[Annelida] seta vs chaeta

Kristian Fauchald FauchaldK at si.edu
Mon Apr 24 08:21:06 EST 2006


Maybe I should put my few-cents-worth into this debate:  50-60 years ago, Hartman and many of the French scientists appeared to prefer seta and setiger (with appropriate diacritic marks, if needed).  The use of chaetae (and chaetiger) was mainly associated with UK, cfr. Ashworth and others.  I have switched from s to ch and am trying to stay consistent on this usage.  However, for me, the most important part is that the usage Sergio suggested, with a difference between the two, even if suppportable, phonetically or whatever, is going to lead to massive confusion since they two have been used as synonyms basically for the last 100+ years.  

I prefer to use chae over set these days, but will not disregard papers using the latter.  The important part here is the communication among us, and between us and the rest of the world.  Do I hear angels dancing on the head of a pin?  In case, how many?

Kristian  

  

Kristian Fauchald, Research Zoologist
Department of Zoology
NMNH, Smithsonian Institution
P.O.Box 37012, 
NHB MRC 0163
Washington, DC 20013-7012
phone: 202.633.1777
fax 202.357.3043
fax: 202.357.3043

>>> "H.A. ten Hove" <hove at science.uva.nl> 04/23 6:02 PM >>>
At 18:36 21-4-2006, you wrote:

Dear chaetologists,

Returning from a short vacation I noticed the 
discussion on above mentioned topic. I distinctly 
remember the first polychaete conference (I was 
at sea during the Copenhagen meeting, so cannot 
have picked up the idea there) where David George 
pointed out that we were discussing polychaetes 
and that from this viewpoint chaetae (and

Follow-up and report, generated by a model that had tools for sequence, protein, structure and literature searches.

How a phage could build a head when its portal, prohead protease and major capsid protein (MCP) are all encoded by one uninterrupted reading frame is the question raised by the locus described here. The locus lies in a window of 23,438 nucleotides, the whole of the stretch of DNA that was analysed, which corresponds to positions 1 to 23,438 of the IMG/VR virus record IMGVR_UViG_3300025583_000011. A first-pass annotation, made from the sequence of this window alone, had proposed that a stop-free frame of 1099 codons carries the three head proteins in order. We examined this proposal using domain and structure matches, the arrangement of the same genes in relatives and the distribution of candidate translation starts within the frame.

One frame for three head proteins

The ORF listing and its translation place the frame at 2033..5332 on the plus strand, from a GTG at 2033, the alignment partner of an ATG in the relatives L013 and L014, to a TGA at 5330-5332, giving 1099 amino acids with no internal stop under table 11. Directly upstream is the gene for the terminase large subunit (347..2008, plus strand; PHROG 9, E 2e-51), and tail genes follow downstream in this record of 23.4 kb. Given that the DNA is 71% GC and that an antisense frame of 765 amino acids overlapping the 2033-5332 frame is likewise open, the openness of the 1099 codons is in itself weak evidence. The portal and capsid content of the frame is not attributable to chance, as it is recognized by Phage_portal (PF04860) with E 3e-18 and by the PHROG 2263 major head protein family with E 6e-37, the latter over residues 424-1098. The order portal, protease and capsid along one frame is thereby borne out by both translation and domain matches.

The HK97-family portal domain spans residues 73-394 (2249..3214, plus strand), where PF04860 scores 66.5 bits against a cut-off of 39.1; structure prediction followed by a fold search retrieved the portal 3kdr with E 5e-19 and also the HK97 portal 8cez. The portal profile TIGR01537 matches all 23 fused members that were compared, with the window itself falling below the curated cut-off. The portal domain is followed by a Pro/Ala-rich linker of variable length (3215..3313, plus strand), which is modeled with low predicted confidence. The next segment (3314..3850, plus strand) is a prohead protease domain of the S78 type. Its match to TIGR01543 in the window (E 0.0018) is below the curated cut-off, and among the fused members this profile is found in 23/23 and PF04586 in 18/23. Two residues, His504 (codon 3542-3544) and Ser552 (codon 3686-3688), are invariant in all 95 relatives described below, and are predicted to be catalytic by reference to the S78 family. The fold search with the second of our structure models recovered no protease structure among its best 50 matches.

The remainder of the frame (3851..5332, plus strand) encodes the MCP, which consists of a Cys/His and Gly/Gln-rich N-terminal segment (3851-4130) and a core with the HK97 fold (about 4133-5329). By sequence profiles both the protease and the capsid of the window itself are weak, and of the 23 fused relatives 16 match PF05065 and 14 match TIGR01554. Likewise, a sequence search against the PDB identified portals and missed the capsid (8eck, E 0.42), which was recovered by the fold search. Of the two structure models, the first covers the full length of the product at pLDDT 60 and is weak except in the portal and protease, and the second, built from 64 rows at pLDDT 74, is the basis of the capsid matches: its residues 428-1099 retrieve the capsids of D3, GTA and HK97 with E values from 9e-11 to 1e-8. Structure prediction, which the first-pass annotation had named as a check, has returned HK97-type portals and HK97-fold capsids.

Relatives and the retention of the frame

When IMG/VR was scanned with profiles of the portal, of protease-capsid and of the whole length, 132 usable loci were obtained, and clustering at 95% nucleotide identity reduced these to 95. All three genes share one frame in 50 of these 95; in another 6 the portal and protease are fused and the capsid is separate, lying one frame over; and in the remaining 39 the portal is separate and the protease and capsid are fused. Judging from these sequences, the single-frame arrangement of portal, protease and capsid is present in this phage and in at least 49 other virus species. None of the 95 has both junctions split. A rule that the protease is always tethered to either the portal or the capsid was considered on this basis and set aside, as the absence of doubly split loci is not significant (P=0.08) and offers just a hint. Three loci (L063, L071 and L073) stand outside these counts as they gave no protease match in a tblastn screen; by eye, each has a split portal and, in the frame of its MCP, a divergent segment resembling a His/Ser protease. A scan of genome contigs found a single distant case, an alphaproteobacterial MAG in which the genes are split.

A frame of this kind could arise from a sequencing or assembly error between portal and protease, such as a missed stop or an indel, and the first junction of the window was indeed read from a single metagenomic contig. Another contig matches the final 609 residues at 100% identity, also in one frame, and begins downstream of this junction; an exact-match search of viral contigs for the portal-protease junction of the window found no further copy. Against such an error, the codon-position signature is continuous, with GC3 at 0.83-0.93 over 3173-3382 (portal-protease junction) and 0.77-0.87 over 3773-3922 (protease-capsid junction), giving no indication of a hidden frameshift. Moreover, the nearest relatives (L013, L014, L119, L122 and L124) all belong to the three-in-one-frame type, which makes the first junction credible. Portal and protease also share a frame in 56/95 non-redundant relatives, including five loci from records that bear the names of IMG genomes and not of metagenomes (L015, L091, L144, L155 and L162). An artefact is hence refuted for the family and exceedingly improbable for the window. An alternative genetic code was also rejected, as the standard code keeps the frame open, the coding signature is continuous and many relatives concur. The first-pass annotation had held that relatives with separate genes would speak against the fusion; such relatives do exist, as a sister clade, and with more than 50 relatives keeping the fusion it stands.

derivates) was more consistent than setae. Ever 
since I have been trying to consistently use 
chaetae instead of setae, which I used before 
that time (and I hope indeed only before that time).

Sergio's research in dictionaries explains the 
English view. Being forced to study 5 years of 
Greek and 6 of Latin during my grammar school 
(mal)formation, I have the distinct feeling (but 
my dictionnaries are not sophisticated enough to 
confirm this) that saeta (or alternative spelling 
seta) is just the Latin usage (transliteration) 
of the older Greek chaeta (chaitè). That the 
Romans gave a slightly different meaning to saeta 
(referring to the bristles of e.g. swine, but 
also in the combination with equina = horse's), 
while the Greek chaeta indeed has been used for 
(long) hair (human, but also for the horse's 
mane), which does not alter the fact that it 
essentially is the same word: hair. As such, in 
my opinion the discussion on the meaning (either 
"long and slender" or "stiff") is rather academic.

Having said this, Sergio's comment that 
Polychaeta (or its antonym, Oligo-) might be 
wrongly constructed is incorrect. The ICN 
Recommendation II,  11, quite clearly states: In 
forming a compound name, a zoologist should not 
choose components of which one is Greek and the 
other Latin. Poly is definitely Greek, in 
combinations meaning "rich in", as shown for 
instance in polyanthès, rich in flowers, and chaitè too is Greek.

If we would follow the intention of the 
recommendation, I disagree with Jim Blake 
(although he is right that  consensus was not 
reached), and would be of the opinion that chaet- 
would surely be more appropriate that set-.

chaetily (I see the association, but cannot resist the signature),

dr. Harry A. ten Hove
Zoological Museum
University of Amsterdam
Mauritskade 57
P.O.B. 94766, 1090 GT Amsterdam
the Netherlands
hove at science.uva.nl 
http://www.science.uva.nl/ZMA/invertebrates 


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